Why the change back to a maximum of 24 hour shifts? Since 2011, a number of studies have been published evaluating the impact of restricting shift length to 16 hours or less. In a 2015 systematic review of 27 studies published between 2010 and 2014, the authors concluded that the restriction in duty hours did not improve patient care or house staff well-being, but did negatively impact house staff education (11). Of particular note was that “night float” in most studies was associated with decreased attendance at conferences, time spent with the attending physician and time doing independent reading. A particularly impactful study not included in the systematic review was the 2015 Flexibility in Duty Hour Requirements for Surgical Trainees Trial (FIRST) (12). The FIRST study was a randomized cluster trial of 118 general surgery residency programs in which programs were assigned to one of two groups, adherence to the 2011 ACGME duty requirements or a more flexible policy where some ACGME duty hour requirements could be waived. Specifically, the 16 hour duty limit for interns could be exceeded; duty shifts could be longer than 28 hours; time between shifts could be less than 8 hours; and time off after more than 24 hours of continuous duty could be less than 14 hours. The study found that programs in the flexible policy arm did not experience worse patient outcomes (e.g., death or serious complications) and there were no differences in residents’ ratings of well-being and educational quality. As a consequence of the concerns raised as well as the aforementioned research findings, the ACGME convened a taskforce to review and recommend changes to its common program requirements including duty hours. The result was to increase the duty hours for interns back to 24 hours as well as additional focus on patient safety and physician well-being (1). The remaining requirements (e.g., maximum of 80 hours/week) were essentially unchanged. However, individual specialties could impose more restrictive regulations. For example, Internal Medicine specifies workload caps limiting the number of new admissions and overall number of patients that can be under the care of an intern or resident.
Is this a reversion to former standards a step forward or has the clock ticked backwards? Despite the seeming clarity in the ACGME requirements, the answer is uncertain. There has been considerable research that documents the detrimental effects of sleep deprivation on human physical and mental performance. The evidence that reaction time deteriorates rapidly after 16 hours of continuous wakefulness is not in dispute (13). Furthermore, it is well known that many house staff have chronic sleep debt and human performance is at its worse during the nighttime portion of the circadian cycle. In conjunction with at least 16 hours of continuous wakefulness, it is likely that many house staff are performance impaired. Why is this impairment not demonstrated in field studies? There is evidence that adverse effects related to sleep loss are variable among individuals and may involve a trait-like vulnerability. Additionally, the brain likely has a cognitive reserve which might allow some individuals to cope with the insult of sleep deprivation by using preexisting cognitive processes or by enlisting compensatory processes before performance is adversely affected (14). This may be especially true in those with high intelligence such as physicians. Therefore, on average, there may not be an identifiable impact of permitting shifts greater than 16 hours. However, an adverse patient care outcome can occur from a decision made by one sleep deprived intern. Given that there are strong opinions on both sides of the issue, targeted research is needed. One possibility would be to identify individuals at the extremes of vulnerability to sleep deprivation and then to determine the impact of varying shift lengths. Only with such information will the argument be put to “bed”.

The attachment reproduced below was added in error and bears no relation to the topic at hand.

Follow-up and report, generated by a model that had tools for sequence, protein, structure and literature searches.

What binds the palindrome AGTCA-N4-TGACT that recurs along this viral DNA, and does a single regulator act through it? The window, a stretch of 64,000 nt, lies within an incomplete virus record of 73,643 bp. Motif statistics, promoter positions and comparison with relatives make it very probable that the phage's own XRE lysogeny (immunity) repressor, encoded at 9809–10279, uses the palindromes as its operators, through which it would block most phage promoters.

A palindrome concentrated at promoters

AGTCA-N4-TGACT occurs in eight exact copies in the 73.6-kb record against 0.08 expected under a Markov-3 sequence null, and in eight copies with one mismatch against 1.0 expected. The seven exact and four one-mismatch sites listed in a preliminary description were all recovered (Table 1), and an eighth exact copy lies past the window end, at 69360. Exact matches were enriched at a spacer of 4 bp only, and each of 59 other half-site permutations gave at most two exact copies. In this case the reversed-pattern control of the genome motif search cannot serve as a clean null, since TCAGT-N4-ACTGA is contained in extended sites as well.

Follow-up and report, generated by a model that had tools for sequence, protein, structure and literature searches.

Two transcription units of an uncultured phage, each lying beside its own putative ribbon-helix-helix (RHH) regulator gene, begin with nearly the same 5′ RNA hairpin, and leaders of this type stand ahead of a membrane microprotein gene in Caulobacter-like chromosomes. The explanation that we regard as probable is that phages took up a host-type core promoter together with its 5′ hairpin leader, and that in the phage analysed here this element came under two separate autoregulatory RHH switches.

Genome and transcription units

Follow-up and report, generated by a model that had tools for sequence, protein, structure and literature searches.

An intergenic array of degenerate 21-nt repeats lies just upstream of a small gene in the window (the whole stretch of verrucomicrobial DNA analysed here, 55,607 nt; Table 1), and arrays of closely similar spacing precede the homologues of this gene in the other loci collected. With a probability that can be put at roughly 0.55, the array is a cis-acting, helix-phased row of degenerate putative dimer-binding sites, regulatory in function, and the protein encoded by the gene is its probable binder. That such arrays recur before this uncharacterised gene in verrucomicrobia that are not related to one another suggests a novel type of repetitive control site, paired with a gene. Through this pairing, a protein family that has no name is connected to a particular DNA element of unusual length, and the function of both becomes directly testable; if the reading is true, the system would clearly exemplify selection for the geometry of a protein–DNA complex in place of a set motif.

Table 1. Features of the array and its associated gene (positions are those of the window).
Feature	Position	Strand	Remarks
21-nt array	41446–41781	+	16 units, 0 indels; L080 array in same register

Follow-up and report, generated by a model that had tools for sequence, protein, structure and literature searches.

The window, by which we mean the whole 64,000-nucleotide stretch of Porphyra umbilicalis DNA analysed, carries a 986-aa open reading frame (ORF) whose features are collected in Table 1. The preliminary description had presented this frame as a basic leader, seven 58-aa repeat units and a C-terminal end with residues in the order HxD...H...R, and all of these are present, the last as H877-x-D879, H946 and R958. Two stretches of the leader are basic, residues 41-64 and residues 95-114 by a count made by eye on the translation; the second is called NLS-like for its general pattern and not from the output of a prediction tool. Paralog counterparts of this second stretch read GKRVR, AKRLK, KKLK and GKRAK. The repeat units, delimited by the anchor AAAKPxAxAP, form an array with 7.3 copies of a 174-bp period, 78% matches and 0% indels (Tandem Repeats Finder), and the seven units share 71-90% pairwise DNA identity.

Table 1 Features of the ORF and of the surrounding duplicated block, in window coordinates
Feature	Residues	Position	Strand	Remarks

Stuart F. Quan, M.D.
Division of Sleep and Circadian Disorders, Brigham and Women’s Hospital, Harvard Medical School, Boston, MA USA
Asthma and Airways Research Center, University of Arizona College of Medicine, Tucson, AZ USA
- ACGME Releases Revised Common Program Requirements,Section VI. The Learning and Working Environment. March 10, 2017. Available at: http://www.acgme.org/Portals/0/PDFs/Nasca-Community/ACGME-Common-Press-Release-3-10-2017.pdf (accessed 4/3/17).
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- IOM (Institute of Medicine). 2009. Resident Duty Hours: Enhancing Sleep, Supervision, and Safety. Washington, DC: The National Academies Press. Available at: http://www.nationalacademies.org/hmd/Reports/2008/Resident-Duty-Hours-Enhancing-Sleep-Supervision-and-Safety.aspx (accessed 4/3/17).